“We are all called to mysticism”

Yesterday Zenit published an interesting interview with Carmelite father Luigi Borriello, a theology professor and Vatican official. Fr. Borriello is the co-director of the Vatican Publishing House’s Dictionary of Mysticism. In this interview, he says “we are all called to sanctity and to mysticism. And the mystical experience is a call to witness.”

Read the full interview here: All Are Called to Mysticism

  • brazenbird

    Very interesting. At first my thought was, “No! Mysticism has nothing to do with witnessing.” But if I’m understanding the Father correctly, which I may not be, perhaps it’s that the experience of mysticism clarifies the Love of God in such a way that a person who has had an experience or experiences it daily, can’t help but be a witness through his or her changed life.

    And if by ‘mysticism’ he means: having and experiential relationship with God (and for Christians I would add, through the grace of our Lord Jesus Christ who showed us the Way), then of course everyone is called to it. Mysticism in its very nature is humbling and exposing sanctifying.

    Wow, so much to chew on with that quote Carl. Thanks for sharing it.

  • http://www.patheos.com/blogs/carlmccolman/ Carl McColman

    You know, I’ve been thinking a lot about “witnessing” — living in the Bible belt like I do, it’s an issue that’s never far away. It occurs to me that the way I “witness” is by being the most loving, peaceful, compassionate, caring person I can possibly be. As Francis of Assisi said, “Preach the gospel at all times, and when necessary, use words.” I do the words bit with my writing — for the rest of the time, I simply need to be Christ to a world desperately hungry for love.

  • brazenbird

    Carl – I couldn’t agree with you more.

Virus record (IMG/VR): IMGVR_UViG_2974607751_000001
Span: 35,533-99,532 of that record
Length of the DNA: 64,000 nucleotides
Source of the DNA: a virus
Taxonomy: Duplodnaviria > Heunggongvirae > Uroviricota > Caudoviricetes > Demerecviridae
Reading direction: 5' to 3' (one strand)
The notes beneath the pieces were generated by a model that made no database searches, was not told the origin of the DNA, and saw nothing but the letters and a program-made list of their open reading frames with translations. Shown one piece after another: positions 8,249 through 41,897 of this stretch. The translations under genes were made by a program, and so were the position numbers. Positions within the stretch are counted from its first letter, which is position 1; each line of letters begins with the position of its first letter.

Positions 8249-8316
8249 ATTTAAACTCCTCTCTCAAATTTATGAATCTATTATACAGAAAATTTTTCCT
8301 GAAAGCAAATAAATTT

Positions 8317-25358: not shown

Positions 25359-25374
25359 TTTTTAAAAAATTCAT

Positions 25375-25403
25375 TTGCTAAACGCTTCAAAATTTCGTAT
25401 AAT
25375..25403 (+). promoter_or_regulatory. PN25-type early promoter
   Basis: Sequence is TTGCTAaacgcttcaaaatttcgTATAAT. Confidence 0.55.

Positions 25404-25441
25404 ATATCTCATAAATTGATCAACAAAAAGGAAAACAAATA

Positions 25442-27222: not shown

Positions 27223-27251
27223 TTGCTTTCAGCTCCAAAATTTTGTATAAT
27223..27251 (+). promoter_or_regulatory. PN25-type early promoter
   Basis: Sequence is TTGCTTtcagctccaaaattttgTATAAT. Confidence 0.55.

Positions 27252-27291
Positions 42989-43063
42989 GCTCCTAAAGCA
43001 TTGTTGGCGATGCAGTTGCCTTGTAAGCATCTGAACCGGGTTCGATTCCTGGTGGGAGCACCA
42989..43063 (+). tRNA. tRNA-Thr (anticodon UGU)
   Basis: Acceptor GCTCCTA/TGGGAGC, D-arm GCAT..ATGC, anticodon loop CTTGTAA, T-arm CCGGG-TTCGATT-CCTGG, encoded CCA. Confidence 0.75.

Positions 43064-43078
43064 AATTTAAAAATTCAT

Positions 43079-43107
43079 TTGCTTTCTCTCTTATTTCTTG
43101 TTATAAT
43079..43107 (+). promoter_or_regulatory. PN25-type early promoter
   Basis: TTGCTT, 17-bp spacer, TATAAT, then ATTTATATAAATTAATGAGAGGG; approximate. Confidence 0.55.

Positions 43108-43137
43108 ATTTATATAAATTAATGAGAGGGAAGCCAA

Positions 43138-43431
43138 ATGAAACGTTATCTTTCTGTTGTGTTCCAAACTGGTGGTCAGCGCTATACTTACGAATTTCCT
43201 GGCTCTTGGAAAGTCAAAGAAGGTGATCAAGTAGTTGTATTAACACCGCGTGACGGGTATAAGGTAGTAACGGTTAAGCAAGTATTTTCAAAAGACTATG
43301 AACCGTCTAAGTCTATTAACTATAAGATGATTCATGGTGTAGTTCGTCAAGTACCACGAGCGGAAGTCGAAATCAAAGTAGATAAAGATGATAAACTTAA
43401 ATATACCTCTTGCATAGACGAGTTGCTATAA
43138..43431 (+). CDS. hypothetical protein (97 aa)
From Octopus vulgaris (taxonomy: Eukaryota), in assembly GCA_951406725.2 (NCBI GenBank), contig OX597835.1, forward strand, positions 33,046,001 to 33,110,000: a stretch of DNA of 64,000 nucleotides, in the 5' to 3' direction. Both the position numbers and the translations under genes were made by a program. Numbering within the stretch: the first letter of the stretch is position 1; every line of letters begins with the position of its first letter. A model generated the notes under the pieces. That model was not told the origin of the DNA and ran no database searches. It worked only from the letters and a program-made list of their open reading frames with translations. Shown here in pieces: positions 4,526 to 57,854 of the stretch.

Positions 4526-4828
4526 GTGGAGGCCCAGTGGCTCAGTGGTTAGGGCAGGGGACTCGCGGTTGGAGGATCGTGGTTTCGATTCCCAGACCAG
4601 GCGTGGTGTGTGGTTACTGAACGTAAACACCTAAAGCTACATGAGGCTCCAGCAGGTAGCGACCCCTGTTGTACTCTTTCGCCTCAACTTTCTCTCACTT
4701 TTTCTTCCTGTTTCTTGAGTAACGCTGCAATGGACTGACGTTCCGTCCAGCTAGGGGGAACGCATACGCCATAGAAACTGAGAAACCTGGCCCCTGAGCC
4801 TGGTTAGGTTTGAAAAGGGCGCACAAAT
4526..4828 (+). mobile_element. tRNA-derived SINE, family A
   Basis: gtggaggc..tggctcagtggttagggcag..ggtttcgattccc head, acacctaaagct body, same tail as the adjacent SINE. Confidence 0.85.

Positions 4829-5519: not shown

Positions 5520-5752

• http://(blog=arobeandabowl.blogspot.com) Shodhin Geiman

    A colleague and friend of mine sometimes ribs me about koan work in Zen. I told him I had a Christian koan for him: “You, Alone.”

    I was intrigued by this article, since the discussion of Christian mysticism seemed to come close to that: God as only, yet encountered, not fused with. Very intriguing.

  • mike

    Brazenbird,

    In Zen Buddhism, there is no kensho but that which walks out into the world. Such an experience is transformative or it is not kensho, a True experience.

    Witnessing can come from mystical experience; if such experience generates the kind of inner knowing or certainty of feeling necessary for a sincere expression of compassion for others, call the source what you wish. A rose by any other name …. ;)

    I do not believe this is kind of certainty is unwavering or always pleasant in its necessities. I do believe it to be unbreakable.

  • http://thewoodbetween.wordpress.com/ Shelley

    Dear Brazenbird,
    Are you the same person who posted your story on beliefnet in July about being an ex-evangelical? (Carl, I’m sorry to be using your blog as a way to contact Brazenbird…) I connected with your story in a such deep way, and I’m currently lost in the wilderness between ‘that doesn’t make sense to me anymore’ and ‘what if the devil leading me astray??’. I would like to hear more of your story and ask you some questions about your journey. I hope to hear from you.

    Shelley
    shelley.noyes@gmail.com


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